|Launch mass||347 kilograms (765 lb)|
|Start of mission|
|Launch date||19 December 1968, 23:55:00UTC|
|Launch site||Plesetsk 133/1|
|End of mission|
|Decay date||12 February 1969|
|Perigee altitude||201 kilometres (125 mi)|
|Apogee altitude||611 kilometres (380 mi)|
Kosmos 261 (Russian: Космос 261 meaning Cosmos 261), also known as DS-U2-GK No.1, was a Soviet satellite which was launched in 1968 as part of the Dnepropetrovsk Sputnik programme. It was a 347-kilogram (765 lb) spacecraft, which was built by the Yuzhnoye Design Bureau, and was used to study the density of air in the upper atmosphere, and investigate aurorae.
A Kosmos-2I 63SM carrier rocket was used to launch Kosmos 261 into low Earth orbit from Site 133/1 at the Plesetsk Cosmodrome. The launch occurred at 23:55:00 UTC on 19 December 1968, and resulted in the successful insertion of the satellite into orbit. Upon reaching orbit, the satellite was assigned its Kosmos designation, and received the International Designator 1968-117A. The North American Aerospace Defense Command assigned it the catalogue number 03624.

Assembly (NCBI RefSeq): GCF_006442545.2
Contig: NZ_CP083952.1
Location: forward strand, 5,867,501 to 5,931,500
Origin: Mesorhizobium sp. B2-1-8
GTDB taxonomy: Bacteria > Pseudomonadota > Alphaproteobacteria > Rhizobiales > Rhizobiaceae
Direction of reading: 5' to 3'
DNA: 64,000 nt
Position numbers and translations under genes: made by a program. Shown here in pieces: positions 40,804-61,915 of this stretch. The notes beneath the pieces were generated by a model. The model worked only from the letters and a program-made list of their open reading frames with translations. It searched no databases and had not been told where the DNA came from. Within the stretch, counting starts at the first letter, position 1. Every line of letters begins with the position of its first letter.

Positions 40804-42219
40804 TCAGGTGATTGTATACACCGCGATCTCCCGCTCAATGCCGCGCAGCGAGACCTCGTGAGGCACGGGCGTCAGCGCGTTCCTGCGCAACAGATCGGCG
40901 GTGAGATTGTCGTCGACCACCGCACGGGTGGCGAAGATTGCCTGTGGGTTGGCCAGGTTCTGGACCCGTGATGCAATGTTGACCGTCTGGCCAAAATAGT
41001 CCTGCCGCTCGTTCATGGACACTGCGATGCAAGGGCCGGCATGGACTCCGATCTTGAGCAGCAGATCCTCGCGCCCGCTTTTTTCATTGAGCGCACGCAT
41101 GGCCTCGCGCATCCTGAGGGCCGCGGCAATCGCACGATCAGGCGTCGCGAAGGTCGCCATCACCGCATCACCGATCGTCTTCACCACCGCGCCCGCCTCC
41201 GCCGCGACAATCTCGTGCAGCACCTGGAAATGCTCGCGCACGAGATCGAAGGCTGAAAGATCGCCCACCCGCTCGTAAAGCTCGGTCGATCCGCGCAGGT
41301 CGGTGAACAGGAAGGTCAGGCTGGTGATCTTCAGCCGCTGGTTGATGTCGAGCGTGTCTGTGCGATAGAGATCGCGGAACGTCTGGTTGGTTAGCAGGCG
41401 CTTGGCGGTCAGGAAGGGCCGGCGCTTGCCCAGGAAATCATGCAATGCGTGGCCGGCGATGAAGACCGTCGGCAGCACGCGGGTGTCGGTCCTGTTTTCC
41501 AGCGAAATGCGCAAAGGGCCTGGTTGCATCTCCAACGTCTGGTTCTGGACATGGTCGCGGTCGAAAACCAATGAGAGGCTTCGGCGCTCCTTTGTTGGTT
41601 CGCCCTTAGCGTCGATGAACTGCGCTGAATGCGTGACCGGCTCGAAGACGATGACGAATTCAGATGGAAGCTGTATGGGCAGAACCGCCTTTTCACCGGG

Kosmos 261 was the first of two DS-U2-GK satellites to be launched. It was operated in an orbit with a perigee of 201 kilometres (125 mi), an apogee of 611 kilometres (380 mi), 71 degrees of inclination, and an orbital period of 92.68 minutes. It decayed from orbit and reentered the atmosphere on 12 February 1969.